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Grow Your Small Business, Part 3: Setting Your Goals

Published on May 20, 2011

Summary

Read 'Grow Your Small Business, Part 3: Setting Your Goals' at 'Time to Start Up,' the small business blog by BizFilings.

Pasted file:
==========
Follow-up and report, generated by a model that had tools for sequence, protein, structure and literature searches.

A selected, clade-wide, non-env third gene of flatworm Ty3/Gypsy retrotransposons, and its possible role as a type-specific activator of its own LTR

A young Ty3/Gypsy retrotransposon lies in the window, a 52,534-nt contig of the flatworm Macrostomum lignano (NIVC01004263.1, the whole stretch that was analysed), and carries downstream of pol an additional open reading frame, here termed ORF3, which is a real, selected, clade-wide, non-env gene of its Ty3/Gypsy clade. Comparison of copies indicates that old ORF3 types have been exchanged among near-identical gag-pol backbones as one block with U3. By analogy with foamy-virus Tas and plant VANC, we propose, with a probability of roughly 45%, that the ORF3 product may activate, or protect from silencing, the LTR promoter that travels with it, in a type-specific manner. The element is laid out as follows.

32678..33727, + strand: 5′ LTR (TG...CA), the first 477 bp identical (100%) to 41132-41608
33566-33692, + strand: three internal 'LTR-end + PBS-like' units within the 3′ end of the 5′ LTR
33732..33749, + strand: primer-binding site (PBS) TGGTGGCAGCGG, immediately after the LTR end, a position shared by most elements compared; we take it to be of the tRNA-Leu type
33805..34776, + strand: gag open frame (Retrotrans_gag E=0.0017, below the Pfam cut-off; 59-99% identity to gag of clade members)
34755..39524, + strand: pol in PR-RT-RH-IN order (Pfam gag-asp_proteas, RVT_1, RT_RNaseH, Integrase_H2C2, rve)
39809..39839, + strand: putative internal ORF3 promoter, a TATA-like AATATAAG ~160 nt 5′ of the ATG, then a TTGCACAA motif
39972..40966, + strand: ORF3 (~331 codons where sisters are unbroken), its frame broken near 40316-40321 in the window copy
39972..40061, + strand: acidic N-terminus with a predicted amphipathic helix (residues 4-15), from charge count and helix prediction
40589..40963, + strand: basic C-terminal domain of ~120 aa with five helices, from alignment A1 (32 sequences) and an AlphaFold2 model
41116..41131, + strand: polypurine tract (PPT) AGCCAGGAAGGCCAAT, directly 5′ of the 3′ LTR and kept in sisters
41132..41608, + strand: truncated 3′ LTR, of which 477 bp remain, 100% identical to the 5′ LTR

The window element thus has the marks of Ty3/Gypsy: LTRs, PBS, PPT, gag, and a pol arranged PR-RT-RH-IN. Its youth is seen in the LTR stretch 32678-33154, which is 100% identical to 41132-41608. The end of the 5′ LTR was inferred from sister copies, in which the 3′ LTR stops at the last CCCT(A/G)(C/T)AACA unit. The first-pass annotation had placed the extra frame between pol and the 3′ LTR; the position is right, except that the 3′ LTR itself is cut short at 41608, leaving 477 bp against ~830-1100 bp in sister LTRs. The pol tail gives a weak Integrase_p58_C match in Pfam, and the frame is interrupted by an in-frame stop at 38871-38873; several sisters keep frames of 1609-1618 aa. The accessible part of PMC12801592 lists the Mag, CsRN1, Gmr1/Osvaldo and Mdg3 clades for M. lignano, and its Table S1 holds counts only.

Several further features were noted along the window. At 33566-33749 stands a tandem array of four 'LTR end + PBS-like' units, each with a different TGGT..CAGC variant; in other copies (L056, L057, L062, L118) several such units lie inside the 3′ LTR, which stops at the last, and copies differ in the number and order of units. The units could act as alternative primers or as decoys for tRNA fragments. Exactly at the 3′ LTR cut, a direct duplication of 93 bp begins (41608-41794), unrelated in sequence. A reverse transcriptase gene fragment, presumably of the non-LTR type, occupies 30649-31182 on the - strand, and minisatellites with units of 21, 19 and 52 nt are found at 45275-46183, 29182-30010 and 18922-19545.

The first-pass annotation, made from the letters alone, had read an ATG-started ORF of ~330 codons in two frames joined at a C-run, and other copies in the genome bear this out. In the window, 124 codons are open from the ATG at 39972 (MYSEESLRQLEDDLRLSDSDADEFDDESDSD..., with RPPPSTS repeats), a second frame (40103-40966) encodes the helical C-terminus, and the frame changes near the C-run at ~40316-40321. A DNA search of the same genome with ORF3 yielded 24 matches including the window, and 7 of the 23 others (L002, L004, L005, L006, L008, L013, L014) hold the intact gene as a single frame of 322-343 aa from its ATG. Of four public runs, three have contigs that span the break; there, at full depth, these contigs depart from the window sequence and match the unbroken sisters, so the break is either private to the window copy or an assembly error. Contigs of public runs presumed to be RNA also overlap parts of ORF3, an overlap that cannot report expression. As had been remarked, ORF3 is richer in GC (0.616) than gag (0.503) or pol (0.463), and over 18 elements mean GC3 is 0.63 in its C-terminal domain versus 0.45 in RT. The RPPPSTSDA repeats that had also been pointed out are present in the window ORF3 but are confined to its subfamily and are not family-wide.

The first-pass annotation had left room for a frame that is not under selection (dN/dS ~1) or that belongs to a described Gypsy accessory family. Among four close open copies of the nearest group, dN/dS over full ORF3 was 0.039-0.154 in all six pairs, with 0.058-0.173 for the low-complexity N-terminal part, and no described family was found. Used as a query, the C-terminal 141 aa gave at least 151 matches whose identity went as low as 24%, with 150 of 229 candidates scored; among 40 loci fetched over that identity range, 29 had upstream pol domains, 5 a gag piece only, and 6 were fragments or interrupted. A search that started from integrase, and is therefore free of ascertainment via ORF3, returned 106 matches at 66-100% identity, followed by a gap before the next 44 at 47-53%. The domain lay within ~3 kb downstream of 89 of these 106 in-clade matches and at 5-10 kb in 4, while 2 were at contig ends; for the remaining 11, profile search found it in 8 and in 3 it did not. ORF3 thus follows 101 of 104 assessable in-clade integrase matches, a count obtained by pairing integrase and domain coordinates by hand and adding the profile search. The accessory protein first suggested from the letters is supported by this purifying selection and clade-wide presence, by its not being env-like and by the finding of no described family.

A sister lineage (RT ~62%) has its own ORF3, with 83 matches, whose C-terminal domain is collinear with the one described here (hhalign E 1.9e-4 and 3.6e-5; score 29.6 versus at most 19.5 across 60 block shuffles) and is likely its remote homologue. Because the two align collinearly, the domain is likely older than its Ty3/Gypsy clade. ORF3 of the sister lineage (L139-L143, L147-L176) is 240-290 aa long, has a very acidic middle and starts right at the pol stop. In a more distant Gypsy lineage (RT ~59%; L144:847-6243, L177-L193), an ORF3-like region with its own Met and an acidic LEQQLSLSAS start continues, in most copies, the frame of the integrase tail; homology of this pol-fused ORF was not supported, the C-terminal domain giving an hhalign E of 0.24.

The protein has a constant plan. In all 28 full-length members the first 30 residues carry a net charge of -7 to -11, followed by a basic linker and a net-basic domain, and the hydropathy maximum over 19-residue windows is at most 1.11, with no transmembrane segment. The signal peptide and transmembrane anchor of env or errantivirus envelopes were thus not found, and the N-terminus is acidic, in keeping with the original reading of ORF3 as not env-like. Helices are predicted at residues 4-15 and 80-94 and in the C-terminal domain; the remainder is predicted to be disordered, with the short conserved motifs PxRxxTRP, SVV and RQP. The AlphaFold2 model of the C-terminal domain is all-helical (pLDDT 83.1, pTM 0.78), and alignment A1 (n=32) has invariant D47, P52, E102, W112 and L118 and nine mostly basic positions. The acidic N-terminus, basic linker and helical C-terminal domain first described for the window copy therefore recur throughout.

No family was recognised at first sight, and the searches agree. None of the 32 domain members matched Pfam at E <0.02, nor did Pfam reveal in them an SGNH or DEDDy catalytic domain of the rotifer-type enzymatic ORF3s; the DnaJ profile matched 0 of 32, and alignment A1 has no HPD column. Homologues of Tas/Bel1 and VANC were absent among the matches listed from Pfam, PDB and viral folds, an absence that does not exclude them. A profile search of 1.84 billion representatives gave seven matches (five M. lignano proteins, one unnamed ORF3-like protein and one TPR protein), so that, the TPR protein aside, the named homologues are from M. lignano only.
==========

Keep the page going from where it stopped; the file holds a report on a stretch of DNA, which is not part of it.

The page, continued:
Steps Image - iStock_000015953523Small Now that we’ve discovered and clearly defined our goals, the next step is breaking them down into manageable steps so we can accomplish them. Keeping it “Bite-sized” Why manageable steps? Because creating steps that are too big can easily lead to frustration and a desire to quit. Developing a plan of action that each of us can handle is key. Notice that I didn’t mention creating a plan that we’re “comfortable with,” because remaining in our comfort zone rarely empowers us to fulfill our potential. A plan that we can handle may not be comfortable, but it will be doable. It’s important to remember that everybody’s different. Understanding and respecting what works for us, instead of comparing ourselves to others, leads to successful goal accomplishment. Nobody (at least nobody in their right mind) eats an entire pizza in one bite. We all eat pizza by the slice, one bite at a time. But everybody takes different sized bites. Let’s Get Practical So, how can we create a step-by-step plan of action that works for us? Like a fingerprint, no two businesses will have the same exact plan. Thankfully, there is a process we can all follow to help create a plan of our own. To follow is Zig Ziglar’s advice on setting goal steps. Mr. Ziglar is an expert on goals, and this process has worked for thousands of people. In fact, much of it dates back to a book by Napoleon Hill, Think and Grow Rich, published in 1937. To set a successful, step-by-step plan of action, you’ll need to: 1. Identify EXACTLY what you desire 2. Spell out exactly why you’d like to reach these goals 3. List the obstacles you need to overcome in order to get there 4. Identify the people, groups and organizations you need to work with to get there 5. Identify what you need to know (learn) in order to reach these goals 6. Develop a plan of action 7. Set a date on it. When do you expect to get there? 8. Write it all down! A Note on Setting a Date I have been setting goals for a long time. But there was a time when I didn’t set actual dates on my long-term goals. Why? Because I was afraid I might not accomplish them by the deadline. I figured they’d get done as soon as I could get them done. What I didn’t realize was this: in not setting a date, I was essentially setting myself up to fail. Let’s take one of your long-term goals as an example. It’s a goal you repeat to yourself every day when you wake up in the morning, and every night before you go to bed. “Five years from now. I will (insert your goal here).” Even though you’re constantly repeating this goal to yourself, the deadline never gets closer. Because of the language used, your 5-year goal is always going to be five years away. In contrast, if you replace “five years from now,” with “by May 20th, 2016,” each day you move closer to your deadline. And as we all know — when a deadline gets close, we get moving! Without the pressure of a specific due date, there’s no drive to get it done. Remaining Flexible Once we’ve created a manageable plan, there’s a good chance it will need adjusting. This is a healthy part of the process. As we complete steps and move closer to accomplishing our goal, we sometimes find that our original course is not leading us to the right destination. As we move along and things clarify, we sometimes find that part of a plan simply does not work. This is NOT to be considered failure. It is a mini-success because with the adjustment in our plan we align ourselves more closely with the end goal. Part 4 of this series examines how to overcome obstacles that arise along the way. Until then remember: if each step is manageable, your goal is attainable. Thanks for visiting! Related Links - Ziglar Pure and Simple - What Are Your Goals? - Discovering Your Goals - Clearly Defining Your Goals Business Blogs blog